Vietnam s Leader Wants U.S. Visit to Be All Business
ICC Note: Vietnam has a reputation for persecution of Christians as well as many other Human Rights violations. President Triet hopes his visit will not require him to address these violations as he seeks to expand economic ties with the U.S.
By Seth Mydans
6/14/07 Vietnam (nytimes.com) Bracing himself for criticism over Vietnam s human rights record, President Nguyen Minh Triet said Wednesday that he would keep his eye firmly on trade and investment when he visited the United States next week.
Mr. Triet, the first Vietnamese head of state to visit Washington since the Vietnam War ended 32 years ago, is a longtime proponent of his countrys economic liberalization and integration into the world economy
We really want the United States to increase its investment in terms of high technology in Vietnam , he said, and we want the United States to create favorable conditions for Vietnamese goods in the United States market.
He bristled, though, over recent criticisms of the arrests and trials of several dissidents that threaten to overshadow the broader positive relations that have made visits like this one less and less remarkable.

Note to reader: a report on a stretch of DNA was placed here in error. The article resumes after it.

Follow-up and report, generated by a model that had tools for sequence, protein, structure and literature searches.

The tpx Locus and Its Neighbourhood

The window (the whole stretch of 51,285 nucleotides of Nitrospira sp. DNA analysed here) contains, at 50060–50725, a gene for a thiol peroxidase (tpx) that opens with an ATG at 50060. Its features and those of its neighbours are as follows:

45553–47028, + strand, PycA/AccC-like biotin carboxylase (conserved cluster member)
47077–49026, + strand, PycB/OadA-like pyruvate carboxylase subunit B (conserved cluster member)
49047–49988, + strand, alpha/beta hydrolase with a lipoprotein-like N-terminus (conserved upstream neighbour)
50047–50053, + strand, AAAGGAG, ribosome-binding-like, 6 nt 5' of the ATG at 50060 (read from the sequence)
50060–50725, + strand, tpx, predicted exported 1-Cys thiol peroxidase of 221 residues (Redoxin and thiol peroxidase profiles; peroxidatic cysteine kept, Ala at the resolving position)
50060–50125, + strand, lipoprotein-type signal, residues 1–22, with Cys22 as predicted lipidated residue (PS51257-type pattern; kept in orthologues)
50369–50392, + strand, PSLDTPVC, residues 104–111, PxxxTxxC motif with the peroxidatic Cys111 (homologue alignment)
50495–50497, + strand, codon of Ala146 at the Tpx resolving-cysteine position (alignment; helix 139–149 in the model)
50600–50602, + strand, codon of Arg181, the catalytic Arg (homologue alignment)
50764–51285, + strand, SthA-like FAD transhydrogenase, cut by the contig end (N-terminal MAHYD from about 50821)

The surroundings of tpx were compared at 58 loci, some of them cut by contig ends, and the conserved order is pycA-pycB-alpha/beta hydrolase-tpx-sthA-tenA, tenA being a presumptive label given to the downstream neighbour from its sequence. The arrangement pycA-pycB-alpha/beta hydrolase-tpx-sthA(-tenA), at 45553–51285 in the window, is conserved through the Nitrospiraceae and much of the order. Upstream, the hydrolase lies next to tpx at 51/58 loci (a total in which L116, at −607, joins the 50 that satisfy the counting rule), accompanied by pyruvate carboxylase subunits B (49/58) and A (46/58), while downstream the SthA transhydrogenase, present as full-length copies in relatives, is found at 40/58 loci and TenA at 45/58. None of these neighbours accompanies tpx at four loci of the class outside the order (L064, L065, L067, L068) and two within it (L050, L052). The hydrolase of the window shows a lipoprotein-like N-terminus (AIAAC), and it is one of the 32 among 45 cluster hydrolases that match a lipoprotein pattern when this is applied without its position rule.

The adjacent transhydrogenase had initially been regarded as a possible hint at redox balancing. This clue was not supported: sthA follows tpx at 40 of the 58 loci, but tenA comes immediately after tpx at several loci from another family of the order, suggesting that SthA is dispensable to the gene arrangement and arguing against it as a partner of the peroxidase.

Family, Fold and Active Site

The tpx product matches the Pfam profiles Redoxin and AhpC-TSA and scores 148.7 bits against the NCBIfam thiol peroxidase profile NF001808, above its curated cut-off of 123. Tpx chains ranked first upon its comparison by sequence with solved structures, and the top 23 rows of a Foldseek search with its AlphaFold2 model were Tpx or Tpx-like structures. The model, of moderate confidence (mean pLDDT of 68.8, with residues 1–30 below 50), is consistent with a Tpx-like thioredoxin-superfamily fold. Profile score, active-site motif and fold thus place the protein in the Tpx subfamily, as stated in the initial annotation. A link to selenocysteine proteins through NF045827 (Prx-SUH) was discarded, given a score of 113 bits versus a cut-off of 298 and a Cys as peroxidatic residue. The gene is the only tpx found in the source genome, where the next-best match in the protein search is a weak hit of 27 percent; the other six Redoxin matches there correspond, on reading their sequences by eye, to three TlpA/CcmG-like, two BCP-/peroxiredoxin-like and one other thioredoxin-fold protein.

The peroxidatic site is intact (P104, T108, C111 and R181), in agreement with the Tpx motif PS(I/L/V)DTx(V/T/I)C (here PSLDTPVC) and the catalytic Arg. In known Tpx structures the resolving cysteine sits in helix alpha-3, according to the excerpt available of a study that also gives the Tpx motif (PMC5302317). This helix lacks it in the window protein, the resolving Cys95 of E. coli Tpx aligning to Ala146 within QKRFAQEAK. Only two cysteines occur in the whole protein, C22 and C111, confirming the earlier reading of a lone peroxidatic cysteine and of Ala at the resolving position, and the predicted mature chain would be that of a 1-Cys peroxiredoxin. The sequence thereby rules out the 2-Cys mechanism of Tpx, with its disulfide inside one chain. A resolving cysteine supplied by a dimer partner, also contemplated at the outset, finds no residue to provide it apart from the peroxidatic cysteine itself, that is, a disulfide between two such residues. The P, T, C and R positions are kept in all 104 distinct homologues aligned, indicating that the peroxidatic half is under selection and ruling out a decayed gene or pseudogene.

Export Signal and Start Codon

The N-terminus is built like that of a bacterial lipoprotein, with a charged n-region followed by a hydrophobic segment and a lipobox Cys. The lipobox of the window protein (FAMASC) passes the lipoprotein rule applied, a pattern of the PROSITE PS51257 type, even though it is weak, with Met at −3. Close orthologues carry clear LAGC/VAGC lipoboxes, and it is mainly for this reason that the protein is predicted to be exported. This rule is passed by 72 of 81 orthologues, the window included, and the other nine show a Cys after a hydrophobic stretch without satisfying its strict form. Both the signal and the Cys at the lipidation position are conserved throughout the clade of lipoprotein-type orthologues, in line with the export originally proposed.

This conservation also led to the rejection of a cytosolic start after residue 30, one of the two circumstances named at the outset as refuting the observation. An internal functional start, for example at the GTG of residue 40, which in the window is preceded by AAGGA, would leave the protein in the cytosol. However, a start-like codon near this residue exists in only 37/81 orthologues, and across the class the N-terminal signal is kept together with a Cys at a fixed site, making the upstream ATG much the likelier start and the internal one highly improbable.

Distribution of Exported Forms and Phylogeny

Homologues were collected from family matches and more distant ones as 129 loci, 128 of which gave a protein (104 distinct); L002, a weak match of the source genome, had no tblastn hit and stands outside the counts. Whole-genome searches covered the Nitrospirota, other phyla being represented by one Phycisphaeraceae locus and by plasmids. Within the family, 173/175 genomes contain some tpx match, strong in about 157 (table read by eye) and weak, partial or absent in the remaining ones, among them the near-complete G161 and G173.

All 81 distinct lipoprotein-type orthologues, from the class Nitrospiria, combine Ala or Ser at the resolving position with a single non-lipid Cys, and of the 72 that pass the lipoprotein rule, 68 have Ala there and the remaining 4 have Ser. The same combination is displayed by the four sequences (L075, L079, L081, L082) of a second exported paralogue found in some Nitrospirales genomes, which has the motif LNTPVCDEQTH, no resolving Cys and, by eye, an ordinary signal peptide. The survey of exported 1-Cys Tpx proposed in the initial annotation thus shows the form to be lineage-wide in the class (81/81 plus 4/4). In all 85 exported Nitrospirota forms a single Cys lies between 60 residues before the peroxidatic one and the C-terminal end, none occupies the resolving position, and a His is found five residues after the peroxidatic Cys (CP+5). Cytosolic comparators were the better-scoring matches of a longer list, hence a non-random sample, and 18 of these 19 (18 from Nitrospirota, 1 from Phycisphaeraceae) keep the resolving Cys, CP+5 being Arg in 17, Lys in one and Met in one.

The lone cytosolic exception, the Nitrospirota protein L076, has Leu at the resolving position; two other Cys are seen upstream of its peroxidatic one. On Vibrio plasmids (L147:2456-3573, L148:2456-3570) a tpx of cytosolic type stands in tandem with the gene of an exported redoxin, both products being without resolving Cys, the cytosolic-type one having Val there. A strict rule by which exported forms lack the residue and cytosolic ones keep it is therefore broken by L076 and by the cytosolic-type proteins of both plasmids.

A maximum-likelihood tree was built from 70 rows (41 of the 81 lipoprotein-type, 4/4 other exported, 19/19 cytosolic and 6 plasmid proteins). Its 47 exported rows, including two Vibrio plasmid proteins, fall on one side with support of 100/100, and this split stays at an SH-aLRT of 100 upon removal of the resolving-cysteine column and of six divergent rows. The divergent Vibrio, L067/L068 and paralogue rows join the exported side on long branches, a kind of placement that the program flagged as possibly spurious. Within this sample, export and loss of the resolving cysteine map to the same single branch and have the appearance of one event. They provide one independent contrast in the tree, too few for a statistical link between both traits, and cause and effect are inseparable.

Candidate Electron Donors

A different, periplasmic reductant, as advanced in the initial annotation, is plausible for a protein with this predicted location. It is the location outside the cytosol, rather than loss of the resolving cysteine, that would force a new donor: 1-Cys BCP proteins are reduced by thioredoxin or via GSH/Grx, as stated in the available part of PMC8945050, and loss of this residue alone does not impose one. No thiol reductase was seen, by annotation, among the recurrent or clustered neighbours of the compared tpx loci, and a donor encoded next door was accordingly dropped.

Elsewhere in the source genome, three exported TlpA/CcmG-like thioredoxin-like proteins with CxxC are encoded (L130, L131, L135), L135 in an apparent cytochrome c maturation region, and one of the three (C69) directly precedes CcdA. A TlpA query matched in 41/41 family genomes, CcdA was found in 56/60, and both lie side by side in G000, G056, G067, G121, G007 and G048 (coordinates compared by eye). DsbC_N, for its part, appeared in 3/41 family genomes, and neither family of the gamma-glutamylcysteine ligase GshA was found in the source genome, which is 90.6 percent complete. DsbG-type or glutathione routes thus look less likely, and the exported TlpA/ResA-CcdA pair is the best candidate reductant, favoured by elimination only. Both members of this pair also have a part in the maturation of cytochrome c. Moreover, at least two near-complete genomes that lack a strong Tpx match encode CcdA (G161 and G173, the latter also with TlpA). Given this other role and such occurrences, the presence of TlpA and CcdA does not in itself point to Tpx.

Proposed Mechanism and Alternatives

Vietnam has experienced war and understands well the loss of human rights and freedom, he said. Therefore, we really love the fundamental rights of man and respect human rights. But if anyone violates the law we have to punish them.
Since Vietnam , a nation of about 84 million people, gained increased visibility as the host of the Asia-Pacific Economic Cooperation forum last fall, it has rounded up many dissidents, most recently sentencing two activist lawyers to long jail terms last month.
The White House said President Bush would express his deep concern over the issue, and some critics of Vietnam in the United States had lobbied to cancel the visit.
The visit is all the more significant given the opposition it faced, several Vietnamese and foreign analysts said.
It strengthens the hands of the outward-looking, reform types in the government, said Jonathan Pincus, the senior country economist for the United Nations Development Program. It shows Vietnam that the United States is a reliable and mature partner. That is hugely important to Vietnam .
One strong motivation to proceed for both sides is a desire to cement their relationship in the context of the growing political and economic weight of Vietnam s northern neighbor, China .
Le Dang Doanh, a leading economist, said: It is very important that the visit could take place because if not, the big neighbors to the north could try to push harder on Vietnam . And this is not good for the stability of the region and not good at all for Vietnam
The United States is Vietnam s largest trading partner, with an increasing two-way trade that rose to $7.8 billion in 2005, from $1.5 billion in 2001, according to Vietnamese government figures
The United States ended a trade embargo in 1994 and established diplomatic relations with Vietnam the next year. In 2001, the two nations signed a trade agreement that was called the final step in postwar normalization of relations.
In January, with strong support from the United States , Vietnam officially joined the World Trade Organization .